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The village is changing

There’s an old African proverb that claims, “It takes a village to raise a child.” The proverb is often attributed to Hillary Clinton’s 1996 book titled It Takes a Village, but Clinton actually borrowed the phrase and the concept from the African continent. The wise claim is expressed in several different languages there, and while the premise seems perfectly clear on the surface, some have put forth the idea that Clinton meant that the state can raise your child better than you can. That’s a conversation for another day.

Carole Townsend

Personally, I prefer to believe that the African people and (hopefully) Ms. Clinton mean to say that the upbringing of a child is done best when the entire village (community) participates. In that context, I agree 100 percent. When children are raised in a family but also as integral and important members of a community, I believe that they grow up to be adults who care about their communities.

I also believe that the proverb means that, if parents aren’t around, the people of the “village” have a responsibility to step in and redirect a child who might be wandering off the straight and narrow path. At least, that’s what I believe would happen in a perfect world. I’ll give you an example.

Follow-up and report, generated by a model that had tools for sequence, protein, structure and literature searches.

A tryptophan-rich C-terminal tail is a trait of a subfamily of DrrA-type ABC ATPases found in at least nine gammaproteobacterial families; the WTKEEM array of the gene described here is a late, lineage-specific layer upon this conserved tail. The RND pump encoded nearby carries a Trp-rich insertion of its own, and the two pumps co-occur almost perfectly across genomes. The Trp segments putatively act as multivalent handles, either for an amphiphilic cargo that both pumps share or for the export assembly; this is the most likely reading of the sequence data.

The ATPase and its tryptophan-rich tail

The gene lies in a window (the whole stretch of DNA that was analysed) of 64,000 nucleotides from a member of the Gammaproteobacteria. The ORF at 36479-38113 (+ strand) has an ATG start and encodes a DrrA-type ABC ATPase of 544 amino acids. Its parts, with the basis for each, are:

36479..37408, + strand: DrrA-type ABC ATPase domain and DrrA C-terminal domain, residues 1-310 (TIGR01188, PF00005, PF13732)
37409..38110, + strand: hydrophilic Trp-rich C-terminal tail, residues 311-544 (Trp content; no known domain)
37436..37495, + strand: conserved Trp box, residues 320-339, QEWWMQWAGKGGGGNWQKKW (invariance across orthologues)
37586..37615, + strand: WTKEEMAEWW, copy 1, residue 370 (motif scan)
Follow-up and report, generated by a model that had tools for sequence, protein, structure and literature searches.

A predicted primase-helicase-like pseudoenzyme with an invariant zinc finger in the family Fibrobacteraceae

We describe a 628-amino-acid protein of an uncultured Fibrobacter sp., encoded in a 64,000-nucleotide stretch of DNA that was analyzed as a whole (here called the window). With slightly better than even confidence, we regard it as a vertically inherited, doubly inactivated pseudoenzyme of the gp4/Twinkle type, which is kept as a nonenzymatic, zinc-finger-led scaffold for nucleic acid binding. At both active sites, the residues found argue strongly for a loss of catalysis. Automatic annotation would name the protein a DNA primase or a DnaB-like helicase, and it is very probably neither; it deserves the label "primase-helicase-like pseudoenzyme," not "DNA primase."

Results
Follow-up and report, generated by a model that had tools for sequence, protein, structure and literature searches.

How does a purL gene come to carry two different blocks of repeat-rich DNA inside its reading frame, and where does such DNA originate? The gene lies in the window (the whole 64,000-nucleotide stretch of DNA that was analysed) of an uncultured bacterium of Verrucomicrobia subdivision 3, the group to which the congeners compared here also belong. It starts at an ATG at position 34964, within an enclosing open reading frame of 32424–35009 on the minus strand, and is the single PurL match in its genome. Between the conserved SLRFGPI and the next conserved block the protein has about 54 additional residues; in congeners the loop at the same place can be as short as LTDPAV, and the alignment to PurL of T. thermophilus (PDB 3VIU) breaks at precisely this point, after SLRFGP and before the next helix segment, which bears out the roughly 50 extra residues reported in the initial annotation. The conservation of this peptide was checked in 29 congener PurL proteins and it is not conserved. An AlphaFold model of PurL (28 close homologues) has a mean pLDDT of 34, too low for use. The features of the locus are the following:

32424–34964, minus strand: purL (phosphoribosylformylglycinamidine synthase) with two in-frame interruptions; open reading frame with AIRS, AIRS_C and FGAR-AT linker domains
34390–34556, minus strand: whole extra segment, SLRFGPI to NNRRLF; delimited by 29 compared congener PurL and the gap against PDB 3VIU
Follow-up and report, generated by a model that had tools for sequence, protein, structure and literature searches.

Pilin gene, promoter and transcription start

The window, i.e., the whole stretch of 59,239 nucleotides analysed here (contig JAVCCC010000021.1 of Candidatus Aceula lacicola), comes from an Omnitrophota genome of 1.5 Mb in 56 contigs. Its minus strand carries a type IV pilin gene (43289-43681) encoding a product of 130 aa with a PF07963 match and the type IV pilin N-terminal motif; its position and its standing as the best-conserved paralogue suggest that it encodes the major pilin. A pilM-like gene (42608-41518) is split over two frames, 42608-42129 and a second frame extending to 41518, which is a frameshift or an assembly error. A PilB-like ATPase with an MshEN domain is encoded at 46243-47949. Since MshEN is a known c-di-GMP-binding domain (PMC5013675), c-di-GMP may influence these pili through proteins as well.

When our youngest daughter was about 12 or 13 years old – that age at which a child yearns for some independence and a parent reluctantly doles it out in small portions – she invited some friends for a sleepover. We have a swimming pool (for this very reason), and anytime the kids had friends over, they often hung around outside well into the night. On this particular evening, our daughter and her friends decided they’d walk up to the neighborhood grocery store. I have no idea why they decided that, and no idea what they intended to buy once they were there. I think it was one of those teenage larks that makes no sense, no matter now you look at it. Still, they must have thought it was a grand idea, because off they went, all 5 of them.

My husband and I were staying inside the house, giving the kids some space as they swam, giggled and talked. At least, that’s what we thought they were doing, until we received a phone call from a neighbor asking us whether we had given the girls permission to walk to the store alone. At night. Crossing a very busy street to do so. “Of course not, why do you ask?” I answered, when she began to explain to me that a pack of girls was leaving the neighborhood, and she recognized my daughter.